‘I watched the changes in myself,’ says Ms. Lansing. After her mother was diagnosed with cancer, for example, she became engrossed in ‘learning about scientific advances.’ A former teacher, she also wanted to devote more time to her responsibilities as a member of the board of regents of the University of California.

‘If your priorities shift, that’s normal and healthy,’ she says. ‘If your priorities don’t shift, then I don’t know if you are paying attention.’

But even if job complacency is not an issue, we all know that even the most rewarding jobs must eventually come to an end. For many, it is important that they have a voice in the transition.

“Philip Pizzo took the initiative at age 68 to step down as dean of Stanford University’s School of Medicine. ‘I knew that even if I wanted to stay in that role, at some point there would come a time when others would believe—even if I was doing a good job or a great job—that it’s time for a transition,’ Dr. Pizzo says. ‘The question is, to what degree do you want to influence that change? To me, it was important to have an influence.’”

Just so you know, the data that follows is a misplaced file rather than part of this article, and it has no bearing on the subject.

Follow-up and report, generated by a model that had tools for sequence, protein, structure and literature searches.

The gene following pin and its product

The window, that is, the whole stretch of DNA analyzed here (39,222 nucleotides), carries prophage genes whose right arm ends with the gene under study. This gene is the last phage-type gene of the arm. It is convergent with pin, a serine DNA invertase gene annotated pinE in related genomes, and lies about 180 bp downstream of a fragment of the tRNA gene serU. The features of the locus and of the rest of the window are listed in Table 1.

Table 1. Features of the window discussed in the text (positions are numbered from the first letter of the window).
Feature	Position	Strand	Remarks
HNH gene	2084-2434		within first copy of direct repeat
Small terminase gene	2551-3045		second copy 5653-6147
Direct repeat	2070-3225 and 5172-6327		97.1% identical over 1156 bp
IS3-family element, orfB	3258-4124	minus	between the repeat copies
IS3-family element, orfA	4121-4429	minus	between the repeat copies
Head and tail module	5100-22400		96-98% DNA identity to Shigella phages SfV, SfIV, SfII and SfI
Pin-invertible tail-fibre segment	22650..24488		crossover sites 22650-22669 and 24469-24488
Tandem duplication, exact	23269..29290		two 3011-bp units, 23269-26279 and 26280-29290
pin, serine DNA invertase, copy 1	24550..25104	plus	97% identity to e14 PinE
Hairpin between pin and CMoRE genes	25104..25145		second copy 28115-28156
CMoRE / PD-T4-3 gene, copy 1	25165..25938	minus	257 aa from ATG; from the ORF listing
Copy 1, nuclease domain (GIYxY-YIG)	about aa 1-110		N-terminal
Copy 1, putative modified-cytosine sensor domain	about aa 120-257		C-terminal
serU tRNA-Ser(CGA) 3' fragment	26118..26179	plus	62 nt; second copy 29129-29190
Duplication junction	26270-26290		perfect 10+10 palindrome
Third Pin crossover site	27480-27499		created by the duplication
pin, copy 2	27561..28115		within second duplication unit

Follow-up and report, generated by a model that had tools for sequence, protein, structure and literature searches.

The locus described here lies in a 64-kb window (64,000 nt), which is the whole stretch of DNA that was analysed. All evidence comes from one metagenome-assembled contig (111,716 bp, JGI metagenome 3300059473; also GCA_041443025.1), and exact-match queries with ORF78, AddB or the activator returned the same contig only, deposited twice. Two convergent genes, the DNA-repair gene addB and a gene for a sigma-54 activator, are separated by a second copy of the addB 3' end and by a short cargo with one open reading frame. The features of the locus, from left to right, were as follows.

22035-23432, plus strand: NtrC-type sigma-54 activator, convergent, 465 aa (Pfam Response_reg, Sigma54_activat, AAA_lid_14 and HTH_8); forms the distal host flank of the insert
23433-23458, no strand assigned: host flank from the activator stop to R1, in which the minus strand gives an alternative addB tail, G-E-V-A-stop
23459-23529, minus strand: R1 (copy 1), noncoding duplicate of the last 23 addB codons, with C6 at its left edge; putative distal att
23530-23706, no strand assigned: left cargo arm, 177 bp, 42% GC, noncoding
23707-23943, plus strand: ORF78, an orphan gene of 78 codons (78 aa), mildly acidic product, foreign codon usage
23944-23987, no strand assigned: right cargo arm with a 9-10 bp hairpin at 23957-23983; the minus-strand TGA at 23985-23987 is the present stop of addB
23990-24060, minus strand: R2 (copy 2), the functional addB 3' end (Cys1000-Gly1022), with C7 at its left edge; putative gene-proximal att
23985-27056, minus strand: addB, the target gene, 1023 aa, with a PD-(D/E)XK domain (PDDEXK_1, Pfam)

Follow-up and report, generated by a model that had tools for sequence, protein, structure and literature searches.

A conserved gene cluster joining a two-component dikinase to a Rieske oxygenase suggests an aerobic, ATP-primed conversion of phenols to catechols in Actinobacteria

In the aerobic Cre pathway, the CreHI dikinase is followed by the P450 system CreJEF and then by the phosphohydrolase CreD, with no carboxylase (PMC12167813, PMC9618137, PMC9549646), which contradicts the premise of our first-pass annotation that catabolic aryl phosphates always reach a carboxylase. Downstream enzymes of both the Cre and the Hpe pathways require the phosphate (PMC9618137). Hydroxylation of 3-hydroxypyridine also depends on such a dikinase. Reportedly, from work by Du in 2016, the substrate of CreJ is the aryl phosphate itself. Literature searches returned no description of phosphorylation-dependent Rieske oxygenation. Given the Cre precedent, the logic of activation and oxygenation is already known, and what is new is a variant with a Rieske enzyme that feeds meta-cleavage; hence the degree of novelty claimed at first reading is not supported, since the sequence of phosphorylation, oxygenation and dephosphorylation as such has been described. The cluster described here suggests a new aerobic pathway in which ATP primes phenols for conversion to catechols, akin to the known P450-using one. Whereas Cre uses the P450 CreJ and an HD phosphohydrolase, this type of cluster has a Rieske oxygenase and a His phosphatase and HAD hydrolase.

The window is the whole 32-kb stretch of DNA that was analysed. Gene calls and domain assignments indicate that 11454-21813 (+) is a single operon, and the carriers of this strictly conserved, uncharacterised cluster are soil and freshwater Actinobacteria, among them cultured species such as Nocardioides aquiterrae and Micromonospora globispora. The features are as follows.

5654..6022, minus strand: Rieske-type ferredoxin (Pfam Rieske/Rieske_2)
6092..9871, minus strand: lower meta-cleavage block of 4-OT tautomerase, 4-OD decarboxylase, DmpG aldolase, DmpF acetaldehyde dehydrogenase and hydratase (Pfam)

Tergesen goes on to discuss how a good long “look in the mirror” can help.

“A good evaluation of your situation, career counselors suggest, includes two parts: internal, in which you appraise yourself and your performance; and external, in which you examine signals from others in the office.

Bill Winn, a psychologist with career-development firm New Directions Inc. in Boston, advises clients to start with a list of what they like and dislike about their jobs, keeping in mind such questions as: When I’m ‘in the zone’ and am so absorbed I fail to notice the passage of time, what am I doing? What am I not getting from my job? What have I set aside to do this job that I no longer want to delay?

Jacquelyn James, co-director of research at Boston College’s Sloan Center on Aging and Work, puts it more bluntly. ‘Are [you] embracing the next challenge—or coasting?'”